Just Following Orders – prose by Paul Vincent Cannon

At Dverse Ingrid is hosting Prosery with an invitation to use a line from William Blake’s poem ‘The Chimney Sweeper’ – “If all do their duty, they need not fear harm.”

dVerse Poets – Prosery – Doing Our Duty

Public domain photo of Adolf Eichmann.

“Being evil is only something that only humans are capable of.” Jane Goodall

Just Following Orders

In 1960 an architect appeared in court in down town Jerusalem charged with crimes against humanity. He was the architect of the Holocaust, his defence was banal, he claimed immunity because he was only following orders.

Who never questions motive? Who believes they are perfect and above the law?And who never effects harm on others? But of those who excelled in following orders, no matter how perverted, Adolf Eichmann stands apart as intentionally evil, and more so because of his claim that he was just following orders. And, so, if all do their duty, they need not fear harm? really? Think slavery. Think Eichman, think Vietnam War, Think Derek Chauvin, think so many.

Our actions always affect others, and where there is evil the effect is always negative. Harm comes to those in the orbit of such people. Just listen to Holocaust survivors.

Copyright 2021 ©Paul Vincent Cannon

All Rights Reserved ®

38 Comments

Filed under awareness, death, history, injustice, justice, life, prose, quote, war

38 responses to “Just Following Orders – prose by Paul Vincent Cannon

  1. Well said Paul. These people must have no conscience at all, truly evil.

    Sent from my iPhone

    >

    Liked by 4 people

  2. This packs a punch, Paul. If we blindly follow orders without questioning the effects, we are complicit in evil. If we actively follow them knowing the harm we do, so much the worse.

    Liked by 5 people

  3. There are many situations in life where it is necessary to follow orders, but we shouldn’t follow blindly. It is our duty to avoid following orders that our conscience tells us are wrong. If we are asked to follow evil orders, we may be on the wrong side in the first place!

    Very thought-provoking post, Paul. ❤

    Liked by 3 people

  4. You tell it like it is, my brother.

    Liked by 1 person

  5. Yes. Exactly. Very well said. And very much along these lines, you might enjoy the book about the people who captured Eichmann after the war, and the time they had to spend with him in hiding while they awaited a plane to get them out of Argentina – a fantastic read even if CHILLING at times – “Hunting Eichmann,” Neal Bascomb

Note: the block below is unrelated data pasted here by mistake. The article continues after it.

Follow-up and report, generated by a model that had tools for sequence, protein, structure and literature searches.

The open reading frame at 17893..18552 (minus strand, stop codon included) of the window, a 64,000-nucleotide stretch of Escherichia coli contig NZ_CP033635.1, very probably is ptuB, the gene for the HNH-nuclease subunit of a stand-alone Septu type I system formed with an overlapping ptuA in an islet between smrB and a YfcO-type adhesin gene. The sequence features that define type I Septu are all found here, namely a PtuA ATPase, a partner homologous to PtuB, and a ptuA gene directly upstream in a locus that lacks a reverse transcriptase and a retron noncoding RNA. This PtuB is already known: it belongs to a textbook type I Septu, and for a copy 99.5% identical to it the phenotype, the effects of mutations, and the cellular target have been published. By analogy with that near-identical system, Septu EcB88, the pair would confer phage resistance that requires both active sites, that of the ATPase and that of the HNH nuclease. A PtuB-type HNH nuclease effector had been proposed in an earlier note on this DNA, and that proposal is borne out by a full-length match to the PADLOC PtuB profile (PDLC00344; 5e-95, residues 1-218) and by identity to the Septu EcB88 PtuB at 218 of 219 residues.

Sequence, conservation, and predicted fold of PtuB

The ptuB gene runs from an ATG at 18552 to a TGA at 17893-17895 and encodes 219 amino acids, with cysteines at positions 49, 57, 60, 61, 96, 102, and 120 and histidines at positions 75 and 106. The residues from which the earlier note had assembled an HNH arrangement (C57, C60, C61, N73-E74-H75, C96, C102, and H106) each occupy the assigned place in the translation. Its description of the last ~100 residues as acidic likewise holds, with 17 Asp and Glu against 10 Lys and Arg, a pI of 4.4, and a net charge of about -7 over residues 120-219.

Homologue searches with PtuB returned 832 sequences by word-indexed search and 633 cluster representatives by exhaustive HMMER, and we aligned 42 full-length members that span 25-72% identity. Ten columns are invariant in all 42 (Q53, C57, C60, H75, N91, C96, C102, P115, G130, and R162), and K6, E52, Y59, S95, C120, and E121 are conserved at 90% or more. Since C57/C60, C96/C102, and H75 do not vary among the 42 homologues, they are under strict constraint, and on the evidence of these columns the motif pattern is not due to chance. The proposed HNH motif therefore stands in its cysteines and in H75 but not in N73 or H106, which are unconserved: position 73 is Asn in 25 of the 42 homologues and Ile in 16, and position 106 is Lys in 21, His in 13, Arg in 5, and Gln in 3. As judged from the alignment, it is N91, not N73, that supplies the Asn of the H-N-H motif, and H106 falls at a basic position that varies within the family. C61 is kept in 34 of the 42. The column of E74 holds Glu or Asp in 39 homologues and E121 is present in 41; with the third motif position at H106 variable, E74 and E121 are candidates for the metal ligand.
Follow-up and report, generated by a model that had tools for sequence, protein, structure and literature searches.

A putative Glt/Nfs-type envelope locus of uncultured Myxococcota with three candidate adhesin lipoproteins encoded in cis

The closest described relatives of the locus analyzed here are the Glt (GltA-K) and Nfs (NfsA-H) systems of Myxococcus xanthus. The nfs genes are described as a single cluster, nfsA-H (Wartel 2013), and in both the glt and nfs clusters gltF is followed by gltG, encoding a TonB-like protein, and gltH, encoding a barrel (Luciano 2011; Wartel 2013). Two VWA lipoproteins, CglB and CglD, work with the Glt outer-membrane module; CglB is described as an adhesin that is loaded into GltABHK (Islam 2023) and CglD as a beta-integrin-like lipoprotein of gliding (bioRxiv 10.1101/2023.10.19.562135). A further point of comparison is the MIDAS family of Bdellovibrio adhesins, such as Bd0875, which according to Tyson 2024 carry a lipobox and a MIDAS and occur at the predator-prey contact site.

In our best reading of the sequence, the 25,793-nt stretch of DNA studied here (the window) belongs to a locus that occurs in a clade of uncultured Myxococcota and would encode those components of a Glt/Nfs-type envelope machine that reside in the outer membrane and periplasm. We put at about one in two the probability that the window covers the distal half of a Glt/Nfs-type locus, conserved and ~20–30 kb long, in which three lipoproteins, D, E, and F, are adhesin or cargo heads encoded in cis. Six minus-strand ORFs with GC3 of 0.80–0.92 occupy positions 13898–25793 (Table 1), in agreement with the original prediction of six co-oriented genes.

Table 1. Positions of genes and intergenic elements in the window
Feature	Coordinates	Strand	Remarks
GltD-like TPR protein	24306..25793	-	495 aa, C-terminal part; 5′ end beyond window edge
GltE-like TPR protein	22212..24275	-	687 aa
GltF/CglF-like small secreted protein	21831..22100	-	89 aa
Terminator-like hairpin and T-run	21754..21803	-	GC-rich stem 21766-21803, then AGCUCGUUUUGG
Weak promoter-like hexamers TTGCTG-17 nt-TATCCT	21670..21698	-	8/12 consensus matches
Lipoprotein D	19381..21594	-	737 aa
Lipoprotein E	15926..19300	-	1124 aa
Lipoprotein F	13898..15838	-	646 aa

Liked by 2 people

  6. I think the scariest part of the Holocaust is how easily ordinary people fell in with evil.

    Liked by 1 person

  7. You have composed a deep, honest, description of his particular brand of evil. The worst.

    Liked by 1 person

  8. The great sham that evil is a devil in a flashy red suit with horns and a pitchfork is a parlor trick that many believe. Evil is banal but the ripples from it grow to tsunami size.

    Liked by 1 person

  9. Sometimes “orders” pave a way for the expression of evil. Certainly in this case.

    Liked by 1 person

  10. I fully agree with all the other commentors, Paul!
    At the moment I am annoyed about something that is monstrous for me in the region. One wants to let “grass grow” in the truest sense of the word over the only sparse floor plans of prisoner barracks in the former Flossenbürg extermination camp. https://www.oberpfalzecho.de/beitrag/imker-wollen-augen-oeffnen-fuer-bluehwiesen-der-kz-gedenkstaette
    Are people so forgotten about history? In the mid-1990s, the Free State of Bavaria had sold the site to a French company. A factory site was to be built there. However, the company’s supervisory board recognized the sacrilege and returned it to a foundation in the Free State of Bavaria. Now one tries in every possible way to make this memorial disappear. xx Michael

    Liked by 1 person

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